A presynaptic action was likely responsible for the effects of GPR55 stimulation, since the effects of PEA or O-1602 on sIPSC frequency were not associated with significant changes of sIPSC amplitude, which largely depends on the postsynaptic properties of the recorded neurons. Activation of GPR55 has been associated with transiently increased Ca2+ release from presynaptic Ca2+ stores in hippocampal slices and in dorsal root ganglion neurons16, 37, an effect which might account for the observed increase of striatal GABA release by PEA and O1602 in striatal neurons. It should be noted, however, that in hippocampus such effect was associated to an increase of excitatory frequencies in CA3-CA1 synapses37. Therefore, it seems likely that the mechanism described herein applies only in selected brain areas and further investigations are required to understand the mechanism through which PEA produces this synaptic effect.

In the striatum, GPR55 co-localizes with cannabinoid CB1R9, 38, suggesting a close functional interaction between these distinct cannabinoid receptors. Several studies have demonstrated that the release on demand of 2-AG is an important mediator of inhibitory transmission by activation of pre-synaptic CB1R located on GABA nerve terminals within the striatum33, 34, 39. We studied PEA-mediated modulation of 2-AG metabolism, and our results show that the delayed decrease of GABA inputs after PEA stimulation is a result of its action on GPR55 on postsynaptic site, and is mediated by the endocannabinoid 2-AG through the stimulation of CB1R. Pharmacological inhibition of 2-AG synthesis by orlistat was in fact able to abrogate the rundown effect observed during PEA incubation. Moreover, since mGlu5 receptors have been previously found to reduce inhibitory currents by post-synaptic release of 2-AG33, 34, the occlusive effect on sIPSC frequency promoted by concomitant application of PEA and mGlu5 receptor agonist (3,5-DHPG), suggests that PEA may induce 2AG synthesis, thus sharing a common pathway with 3,5-DHPG. In line with this, a recent biochemical study showed that PEA exerts significant effect on endocannabinoid 2-AG by enhancing both its levels in keratinocytes and in human and canine plasma21, 40. Of note, since PEA exerts profound anti-inflammatory effects41, 42 and pro-inflammatory cytokines are able to affect synaptic transmission43,44,45,46, an indirect effect of PEA, through the modulation of cytokines, might contribute to GABA transmission alteration. In conclusion, our electrophysiological study identifies a novel synaptic function of PEA, and extends our knowledge on how the endocannabinoid system controls synaptic transmission and controls itself.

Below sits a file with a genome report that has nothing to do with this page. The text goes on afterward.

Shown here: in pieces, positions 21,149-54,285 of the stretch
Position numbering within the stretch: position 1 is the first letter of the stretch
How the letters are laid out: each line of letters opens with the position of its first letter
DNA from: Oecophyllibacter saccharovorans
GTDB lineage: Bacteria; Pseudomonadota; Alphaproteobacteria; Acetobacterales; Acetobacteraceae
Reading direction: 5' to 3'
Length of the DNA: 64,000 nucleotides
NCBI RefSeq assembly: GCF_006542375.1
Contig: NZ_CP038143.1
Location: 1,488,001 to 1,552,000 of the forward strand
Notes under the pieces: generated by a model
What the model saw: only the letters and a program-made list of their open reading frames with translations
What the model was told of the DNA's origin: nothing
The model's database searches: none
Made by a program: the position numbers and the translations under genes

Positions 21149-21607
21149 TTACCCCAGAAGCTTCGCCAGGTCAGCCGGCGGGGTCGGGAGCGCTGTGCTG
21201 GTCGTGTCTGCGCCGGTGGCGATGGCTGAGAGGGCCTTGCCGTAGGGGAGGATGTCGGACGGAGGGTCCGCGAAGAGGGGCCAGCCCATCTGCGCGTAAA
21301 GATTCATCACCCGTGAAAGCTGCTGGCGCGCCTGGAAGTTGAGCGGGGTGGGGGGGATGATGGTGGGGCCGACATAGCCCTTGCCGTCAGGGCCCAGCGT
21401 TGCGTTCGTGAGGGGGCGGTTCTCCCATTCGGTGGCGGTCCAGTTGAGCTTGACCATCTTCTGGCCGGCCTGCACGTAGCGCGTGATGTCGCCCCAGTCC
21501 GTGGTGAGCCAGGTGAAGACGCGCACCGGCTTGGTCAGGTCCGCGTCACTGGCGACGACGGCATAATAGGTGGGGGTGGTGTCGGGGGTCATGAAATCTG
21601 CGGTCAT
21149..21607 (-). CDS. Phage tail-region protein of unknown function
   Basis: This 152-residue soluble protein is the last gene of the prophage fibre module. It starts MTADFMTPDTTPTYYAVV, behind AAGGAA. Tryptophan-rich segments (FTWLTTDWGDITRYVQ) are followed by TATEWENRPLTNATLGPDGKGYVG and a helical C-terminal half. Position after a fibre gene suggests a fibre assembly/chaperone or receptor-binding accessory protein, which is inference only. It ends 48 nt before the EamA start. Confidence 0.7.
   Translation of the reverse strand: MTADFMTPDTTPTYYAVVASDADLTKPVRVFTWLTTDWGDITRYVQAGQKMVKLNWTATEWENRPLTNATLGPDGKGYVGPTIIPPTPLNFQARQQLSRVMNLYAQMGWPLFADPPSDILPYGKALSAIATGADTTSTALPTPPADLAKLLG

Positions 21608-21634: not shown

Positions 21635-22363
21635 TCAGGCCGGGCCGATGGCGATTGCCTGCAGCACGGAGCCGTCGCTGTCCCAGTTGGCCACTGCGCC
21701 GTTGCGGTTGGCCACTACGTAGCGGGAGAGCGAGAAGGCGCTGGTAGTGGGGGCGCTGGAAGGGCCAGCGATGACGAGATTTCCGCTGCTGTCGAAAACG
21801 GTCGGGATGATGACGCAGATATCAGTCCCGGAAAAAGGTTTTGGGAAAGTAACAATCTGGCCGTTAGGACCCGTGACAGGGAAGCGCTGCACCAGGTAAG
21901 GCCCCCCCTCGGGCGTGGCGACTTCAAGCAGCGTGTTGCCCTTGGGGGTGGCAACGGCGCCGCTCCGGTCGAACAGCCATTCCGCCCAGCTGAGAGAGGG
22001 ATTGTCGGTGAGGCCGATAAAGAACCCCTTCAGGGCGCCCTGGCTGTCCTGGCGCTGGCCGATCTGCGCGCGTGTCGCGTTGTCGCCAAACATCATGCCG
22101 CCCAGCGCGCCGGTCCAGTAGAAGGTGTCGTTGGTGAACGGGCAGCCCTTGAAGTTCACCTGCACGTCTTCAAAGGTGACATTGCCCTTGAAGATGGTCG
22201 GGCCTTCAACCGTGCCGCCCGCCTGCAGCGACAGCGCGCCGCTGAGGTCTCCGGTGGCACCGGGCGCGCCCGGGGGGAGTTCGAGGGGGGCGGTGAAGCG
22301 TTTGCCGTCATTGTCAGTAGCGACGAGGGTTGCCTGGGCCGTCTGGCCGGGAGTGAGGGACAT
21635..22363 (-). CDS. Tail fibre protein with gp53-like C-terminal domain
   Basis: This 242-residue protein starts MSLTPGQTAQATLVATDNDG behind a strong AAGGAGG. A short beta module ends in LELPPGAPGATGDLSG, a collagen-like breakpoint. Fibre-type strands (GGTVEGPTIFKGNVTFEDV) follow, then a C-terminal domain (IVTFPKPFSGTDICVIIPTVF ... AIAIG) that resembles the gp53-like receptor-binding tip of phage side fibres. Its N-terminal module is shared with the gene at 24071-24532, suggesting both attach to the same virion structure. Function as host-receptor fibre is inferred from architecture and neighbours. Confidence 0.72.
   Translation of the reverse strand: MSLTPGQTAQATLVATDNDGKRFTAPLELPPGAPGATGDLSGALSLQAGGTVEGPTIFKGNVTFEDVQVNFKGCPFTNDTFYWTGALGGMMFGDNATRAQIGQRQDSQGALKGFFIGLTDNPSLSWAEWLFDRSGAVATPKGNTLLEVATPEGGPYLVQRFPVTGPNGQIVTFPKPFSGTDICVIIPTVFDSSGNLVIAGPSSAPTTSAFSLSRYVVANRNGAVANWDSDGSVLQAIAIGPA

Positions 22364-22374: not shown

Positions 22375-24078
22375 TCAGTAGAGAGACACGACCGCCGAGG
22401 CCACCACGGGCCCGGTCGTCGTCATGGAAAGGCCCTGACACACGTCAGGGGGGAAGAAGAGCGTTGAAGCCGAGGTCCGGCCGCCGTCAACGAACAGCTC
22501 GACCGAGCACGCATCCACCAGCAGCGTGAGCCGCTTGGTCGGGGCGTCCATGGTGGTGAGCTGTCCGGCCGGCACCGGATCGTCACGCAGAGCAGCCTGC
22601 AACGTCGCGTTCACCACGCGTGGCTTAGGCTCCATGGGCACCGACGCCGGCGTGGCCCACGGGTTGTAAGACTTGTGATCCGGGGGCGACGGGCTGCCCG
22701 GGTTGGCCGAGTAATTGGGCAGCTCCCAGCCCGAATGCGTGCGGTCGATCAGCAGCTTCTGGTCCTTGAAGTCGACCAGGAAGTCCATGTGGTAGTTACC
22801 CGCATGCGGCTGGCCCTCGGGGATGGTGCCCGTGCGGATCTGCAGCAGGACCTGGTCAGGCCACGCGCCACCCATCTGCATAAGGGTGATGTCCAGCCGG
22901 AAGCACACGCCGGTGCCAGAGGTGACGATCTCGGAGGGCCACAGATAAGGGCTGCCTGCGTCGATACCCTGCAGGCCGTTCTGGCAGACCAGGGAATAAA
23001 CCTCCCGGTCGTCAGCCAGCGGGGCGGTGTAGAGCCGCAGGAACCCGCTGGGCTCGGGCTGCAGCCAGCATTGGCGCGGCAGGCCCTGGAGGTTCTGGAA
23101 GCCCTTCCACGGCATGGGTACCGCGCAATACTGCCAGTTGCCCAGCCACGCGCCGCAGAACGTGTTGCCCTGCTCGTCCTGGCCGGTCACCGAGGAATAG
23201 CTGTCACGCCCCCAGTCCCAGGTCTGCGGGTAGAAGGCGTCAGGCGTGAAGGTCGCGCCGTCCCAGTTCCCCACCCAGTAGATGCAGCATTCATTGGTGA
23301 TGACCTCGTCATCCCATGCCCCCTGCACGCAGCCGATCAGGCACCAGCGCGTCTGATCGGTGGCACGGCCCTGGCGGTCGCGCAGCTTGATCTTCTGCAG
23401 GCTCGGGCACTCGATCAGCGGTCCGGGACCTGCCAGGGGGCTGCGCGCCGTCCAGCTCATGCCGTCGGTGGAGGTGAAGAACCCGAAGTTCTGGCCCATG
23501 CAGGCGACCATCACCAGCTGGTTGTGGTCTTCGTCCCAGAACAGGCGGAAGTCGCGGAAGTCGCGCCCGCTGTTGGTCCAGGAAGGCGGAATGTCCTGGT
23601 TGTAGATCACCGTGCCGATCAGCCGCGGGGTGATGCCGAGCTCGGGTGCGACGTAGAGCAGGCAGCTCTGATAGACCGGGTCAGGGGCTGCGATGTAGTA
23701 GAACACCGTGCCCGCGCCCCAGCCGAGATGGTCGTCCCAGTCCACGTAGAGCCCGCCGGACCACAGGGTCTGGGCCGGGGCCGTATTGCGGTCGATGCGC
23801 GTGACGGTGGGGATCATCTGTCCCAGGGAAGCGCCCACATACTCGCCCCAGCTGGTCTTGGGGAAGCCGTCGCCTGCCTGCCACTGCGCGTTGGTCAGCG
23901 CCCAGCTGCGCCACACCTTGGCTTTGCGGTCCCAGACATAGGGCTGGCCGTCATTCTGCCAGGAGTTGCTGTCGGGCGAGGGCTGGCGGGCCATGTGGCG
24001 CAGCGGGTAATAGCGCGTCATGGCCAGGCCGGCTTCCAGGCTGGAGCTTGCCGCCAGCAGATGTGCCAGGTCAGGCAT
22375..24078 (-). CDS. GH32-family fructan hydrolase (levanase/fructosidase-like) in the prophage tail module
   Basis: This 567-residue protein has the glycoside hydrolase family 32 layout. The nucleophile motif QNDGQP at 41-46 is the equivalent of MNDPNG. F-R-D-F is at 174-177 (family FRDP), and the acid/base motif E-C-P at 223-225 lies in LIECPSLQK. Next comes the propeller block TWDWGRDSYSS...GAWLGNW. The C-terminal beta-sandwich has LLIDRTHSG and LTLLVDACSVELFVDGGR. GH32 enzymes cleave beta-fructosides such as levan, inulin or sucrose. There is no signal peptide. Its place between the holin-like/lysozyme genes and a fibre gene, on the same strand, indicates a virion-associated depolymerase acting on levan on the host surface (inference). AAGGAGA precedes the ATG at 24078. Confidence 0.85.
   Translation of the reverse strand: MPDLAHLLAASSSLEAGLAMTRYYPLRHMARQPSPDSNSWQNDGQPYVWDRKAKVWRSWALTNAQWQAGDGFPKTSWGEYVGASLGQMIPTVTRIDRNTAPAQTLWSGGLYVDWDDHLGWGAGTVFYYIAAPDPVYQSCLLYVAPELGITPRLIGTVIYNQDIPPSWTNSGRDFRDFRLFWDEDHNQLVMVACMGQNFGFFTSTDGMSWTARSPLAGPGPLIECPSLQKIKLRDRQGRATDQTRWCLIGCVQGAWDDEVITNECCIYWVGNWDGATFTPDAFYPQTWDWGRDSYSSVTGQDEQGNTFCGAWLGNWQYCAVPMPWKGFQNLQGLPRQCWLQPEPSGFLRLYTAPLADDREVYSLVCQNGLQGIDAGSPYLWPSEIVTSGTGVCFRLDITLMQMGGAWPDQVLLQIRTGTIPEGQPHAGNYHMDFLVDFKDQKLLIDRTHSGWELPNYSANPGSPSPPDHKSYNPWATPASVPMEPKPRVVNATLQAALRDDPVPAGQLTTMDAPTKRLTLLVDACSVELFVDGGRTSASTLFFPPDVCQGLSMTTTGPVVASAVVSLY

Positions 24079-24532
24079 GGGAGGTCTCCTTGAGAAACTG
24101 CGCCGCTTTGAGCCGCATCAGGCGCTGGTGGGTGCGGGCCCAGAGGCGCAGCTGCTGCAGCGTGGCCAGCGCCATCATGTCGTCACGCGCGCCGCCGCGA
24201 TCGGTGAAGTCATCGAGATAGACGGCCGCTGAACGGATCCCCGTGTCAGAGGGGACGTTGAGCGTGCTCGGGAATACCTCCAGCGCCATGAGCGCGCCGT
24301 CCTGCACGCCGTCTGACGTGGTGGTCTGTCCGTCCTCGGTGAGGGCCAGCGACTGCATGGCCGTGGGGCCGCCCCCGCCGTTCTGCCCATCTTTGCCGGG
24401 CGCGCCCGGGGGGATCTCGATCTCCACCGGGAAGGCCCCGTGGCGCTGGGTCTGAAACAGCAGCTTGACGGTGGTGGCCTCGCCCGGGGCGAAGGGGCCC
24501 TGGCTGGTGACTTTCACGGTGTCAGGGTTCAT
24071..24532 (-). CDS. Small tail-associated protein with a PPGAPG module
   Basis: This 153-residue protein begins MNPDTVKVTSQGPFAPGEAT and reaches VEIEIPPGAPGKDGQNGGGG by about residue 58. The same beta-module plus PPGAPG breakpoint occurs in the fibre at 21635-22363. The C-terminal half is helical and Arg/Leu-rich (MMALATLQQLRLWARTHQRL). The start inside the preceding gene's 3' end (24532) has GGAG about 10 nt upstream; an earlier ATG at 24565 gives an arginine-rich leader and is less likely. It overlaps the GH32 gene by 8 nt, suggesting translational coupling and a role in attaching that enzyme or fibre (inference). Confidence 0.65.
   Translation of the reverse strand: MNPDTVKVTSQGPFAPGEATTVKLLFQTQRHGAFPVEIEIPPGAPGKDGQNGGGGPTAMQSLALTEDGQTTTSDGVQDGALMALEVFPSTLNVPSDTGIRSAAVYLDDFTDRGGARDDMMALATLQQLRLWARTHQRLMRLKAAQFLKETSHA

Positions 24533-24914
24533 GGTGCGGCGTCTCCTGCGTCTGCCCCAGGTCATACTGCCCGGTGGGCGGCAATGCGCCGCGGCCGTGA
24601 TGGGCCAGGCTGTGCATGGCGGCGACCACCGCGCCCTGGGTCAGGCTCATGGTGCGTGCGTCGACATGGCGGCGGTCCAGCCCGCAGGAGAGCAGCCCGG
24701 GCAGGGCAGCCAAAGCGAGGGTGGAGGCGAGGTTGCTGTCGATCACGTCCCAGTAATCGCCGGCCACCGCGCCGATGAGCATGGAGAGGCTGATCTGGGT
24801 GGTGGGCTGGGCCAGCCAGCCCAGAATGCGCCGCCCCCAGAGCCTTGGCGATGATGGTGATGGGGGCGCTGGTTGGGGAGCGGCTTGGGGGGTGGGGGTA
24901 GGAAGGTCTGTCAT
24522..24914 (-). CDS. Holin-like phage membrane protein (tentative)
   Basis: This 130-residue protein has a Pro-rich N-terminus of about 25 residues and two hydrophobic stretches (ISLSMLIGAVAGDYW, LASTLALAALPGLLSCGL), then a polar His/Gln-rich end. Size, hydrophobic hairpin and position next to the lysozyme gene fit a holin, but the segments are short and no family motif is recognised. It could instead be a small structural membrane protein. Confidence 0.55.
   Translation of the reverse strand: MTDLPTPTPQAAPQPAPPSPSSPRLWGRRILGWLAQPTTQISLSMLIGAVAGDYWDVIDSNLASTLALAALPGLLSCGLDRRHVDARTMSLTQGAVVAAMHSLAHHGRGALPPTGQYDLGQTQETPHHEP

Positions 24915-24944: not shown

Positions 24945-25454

The subjects in this study were 7–9 weeks old female mice, C57BL/6 N, obtained from Charles-River (Italy) and CNR-EMMA Mouse Clinic facility (Monterotondo-Rome, Italy). Animals were randomly assigned to standard cages, with four to five animals per cage, and kept at standard housing conditions with a light/dark cycle of 12 h and free access to food and water. Animal experiments were carried out according to the Internal Institutional Review Committee, the European Directive 2010/63/EU and the European Recommendations 526/2007 and the Italian D.Lgs 26/2014. The experimental protocol was approved by Italian Ministry of Health (protocol number 35/2014B).